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More than just a recruiter

Written by: Gemma Stevenson-Coupe is a consultant – talent acquisition and development, at Solace
Published on: 19 Aug 2021

There’s something to be said about making assumptions. We all do it I’m sure, it’s part of being human and probably something to do with how our brain is wired and how our natural thought processes evolve. According to the American Psychological Association, assumption is ‘The premise or supposition that something is factual or true; that is, the act of taking something for granted.’

Having worked with Solace for several years now, and having recently stepped into a new role as consultant – talent acquisition and development, I wanted to leap into the new role with an open mindset. There was and still is lots to learn, but I also wanted to take a fresh look at how many of us view our interim candidates. Is the assumption that they are all at the pinnacle of their careers, experienced, hardy individuals not in need of much support – an accurate judgement to make? 

I often have amazing conversations with our candidate base, they share their achievements, their successes and how they’ve overcome many a challenge within their local government senior leadership roles. But over the last year, especially with the trials of the pandemic I have found myself having some real honest and open conversations – not just about the day to day job, but about how they are on a personal level, about building personal resilience and how the threat of burnout among local government officers is a real concern.

It is time to take stock. I’m curious to look at the support available to interim managers and consultants. At Solace we are keen to ensure we don’t offer a crude transactional recruitment process – driven by getting bums on seats to promote income. Yes, that is the ultimate end game, to find a great match between candidate and client so they can do great things together. But the value our interim candidate base can offer is enormous, and we aim to consider their needs holistically, and not treat them like pieces in a chess game.

I recently facilitated a virtual coffee morning for our registered candidates who are new or fairly new to interim management and consultancy. We had a guest speaker, Ann-Marie Barlow, who has in the past year taken the leap herself to begin a portfolio career and was able to share her learning around this transition. Conversation flowed, everyone shared what they’d like to get out of the session, but what surprised me the most was the topics of conversation the delegates wanted to focus on.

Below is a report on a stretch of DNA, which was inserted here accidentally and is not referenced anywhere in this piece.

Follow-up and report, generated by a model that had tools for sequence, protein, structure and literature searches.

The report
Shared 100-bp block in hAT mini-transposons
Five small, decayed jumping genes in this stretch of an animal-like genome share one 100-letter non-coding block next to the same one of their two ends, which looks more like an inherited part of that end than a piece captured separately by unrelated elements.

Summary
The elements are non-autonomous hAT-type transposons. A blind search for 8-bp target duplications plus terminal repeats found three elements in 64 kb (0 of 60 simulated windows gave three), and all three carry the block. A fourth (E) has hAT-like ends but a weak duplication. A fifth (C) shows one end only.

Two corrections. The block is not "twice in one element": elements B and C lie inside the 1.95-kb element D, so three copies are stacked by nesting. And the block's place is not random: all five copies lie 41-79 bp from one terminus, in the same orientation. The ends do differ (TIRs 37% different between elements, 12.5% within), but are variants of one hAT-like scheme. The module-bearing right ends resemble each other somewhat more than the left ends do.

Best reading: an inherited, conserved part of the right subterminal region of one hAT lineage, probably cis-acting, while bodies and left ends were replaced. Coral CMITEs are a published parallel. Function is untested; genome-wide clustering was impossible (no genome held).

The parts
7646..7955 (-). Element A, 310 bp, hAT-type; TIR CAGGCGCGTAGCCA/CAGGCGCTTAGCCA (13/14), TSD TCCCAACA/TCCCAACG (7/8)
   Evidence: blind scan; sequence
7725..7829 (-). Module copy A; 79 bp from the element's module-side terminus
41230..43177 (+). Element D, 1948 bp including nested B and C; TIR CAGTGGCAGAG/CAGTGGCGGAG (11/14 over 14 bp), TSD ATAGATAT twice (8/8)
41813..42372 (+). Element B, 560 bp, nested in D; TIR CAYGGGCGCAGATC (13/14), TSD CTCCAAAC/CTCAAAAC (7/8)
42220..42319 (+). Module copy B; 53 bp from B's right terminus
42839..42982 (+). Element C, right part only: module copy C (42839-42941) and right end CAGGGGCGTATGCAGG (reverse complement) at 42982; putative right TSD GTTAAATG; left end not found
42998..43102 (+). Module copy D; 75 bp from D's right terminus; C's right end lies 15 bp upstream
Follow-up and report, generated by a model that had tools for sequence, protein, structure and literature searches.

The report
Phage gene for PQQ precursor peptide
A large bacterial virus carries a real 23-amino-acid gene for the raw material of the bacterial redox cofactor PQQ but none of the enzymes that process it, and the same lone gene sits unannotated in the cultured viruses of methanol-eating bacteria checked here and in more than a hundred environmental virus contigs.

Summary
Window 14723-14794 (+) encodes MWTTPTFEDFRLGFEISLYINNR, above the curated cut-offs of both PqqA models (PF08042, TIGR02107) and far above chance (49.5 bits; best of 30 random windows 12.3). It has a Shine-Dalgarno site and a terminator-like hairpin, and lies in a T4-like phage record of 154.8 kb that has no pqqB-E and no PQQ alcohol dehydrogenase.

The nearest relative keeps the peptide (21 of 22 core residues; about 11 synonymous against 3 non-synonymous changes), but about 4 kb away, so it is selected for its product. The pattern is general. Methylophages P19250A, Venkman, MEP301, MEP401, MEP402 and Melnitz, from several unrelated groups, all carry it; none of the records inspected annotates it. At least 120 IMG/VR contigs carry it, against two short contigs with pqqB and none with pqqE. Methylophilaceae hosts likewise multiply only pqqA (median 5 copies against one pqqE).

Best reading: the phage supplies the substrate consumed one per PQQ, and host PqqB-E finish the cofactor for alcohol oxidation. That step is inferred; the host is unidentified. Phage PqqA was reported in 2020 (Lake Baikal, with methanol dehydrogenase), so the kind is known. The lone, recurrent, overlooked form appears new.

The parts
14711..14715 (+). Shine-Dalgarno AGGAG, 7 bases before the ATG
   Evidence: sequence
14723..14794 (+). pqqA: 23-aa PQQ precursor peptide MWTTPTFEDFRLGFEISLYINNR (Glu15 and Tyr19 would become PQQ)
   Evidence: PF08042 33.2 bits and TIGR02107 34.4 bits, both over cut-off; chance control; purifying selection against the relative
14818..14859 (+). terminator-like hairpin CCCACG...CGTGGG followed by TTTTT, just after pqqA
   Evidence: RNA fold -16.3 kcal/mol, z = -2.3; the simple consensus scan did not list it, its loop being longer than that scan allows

It wasn’t IR35, CV support, or interview tips, it was more the psychological elements – how do I manage the transition from having a long-standing permanent career to working as an interim? Can I replicate what I’ve achieved in one organisation elsewhere?  What about my ego – having been so senior for so long and in an established role – how will I adjust to a new role with a different structure?  I’m missing the structure a permanent role gave me – how do I work through this? How do I build my ‘brand’ and network? And acknowledging that part of being an interim manager or consultant can feel isolating or may even leave you with feelings of imposter syndrome. 

It was great to see everyone open up and we were able to create a safe space for individuals to share their thoughts and reflections. It made for a far more interesting conversation, which added value and gave everyone the chance to see that regardless of seniority and job title – managing any life changing transition can be tricky, can create similar emotions and it’s ok to reach out and ask for help. The widely held assumption that most interim managers and consultants probably don’t need that much additional support beyond finding them a suitable role and all the operational day to day support you can offer (a solid brief, CV prep, interview prep and feedback) was firmly challenged.

In my new role I will be 100% focused on asking open questions and listening without judgement. I have no pre-conceived ideas about whether or what support our interims and consultants may need but I recognise that the need to ask is there and I will be present to support them in the most appropriate way.

Of course, this level of support should not dwindle for established interims or consultants and at Solace we are working hard to make sure what we offer is needed and is helpful.  We were delighted to be ranked in the top 10 leading interim providers nationally again this year, so we know we are providing a good service to our interim candidates, but we always want to do more.

We’re always working hard to listen to our candidates to get under the skin of what they expect from us as an interim provider.  From our research we are building a holistic view of the development needs of our interim community, whether that be personally or professionally, and we are building a programme of support where it is needed the most.

At Solace our aim is to develop and support talent in the sector and our interim community are no exception to this; whether you have a Solace candidate in a permanent or an interim role within your organisation you can rest assured that they are continually supported with their personal and professional development. Candidate care isn’t just a nice to have, it’s a must have and it should be at the heart of every recruiter’s agenda. 

Gemma Stevenson-Coupe is a consultant – talent acquisition and development, at Solace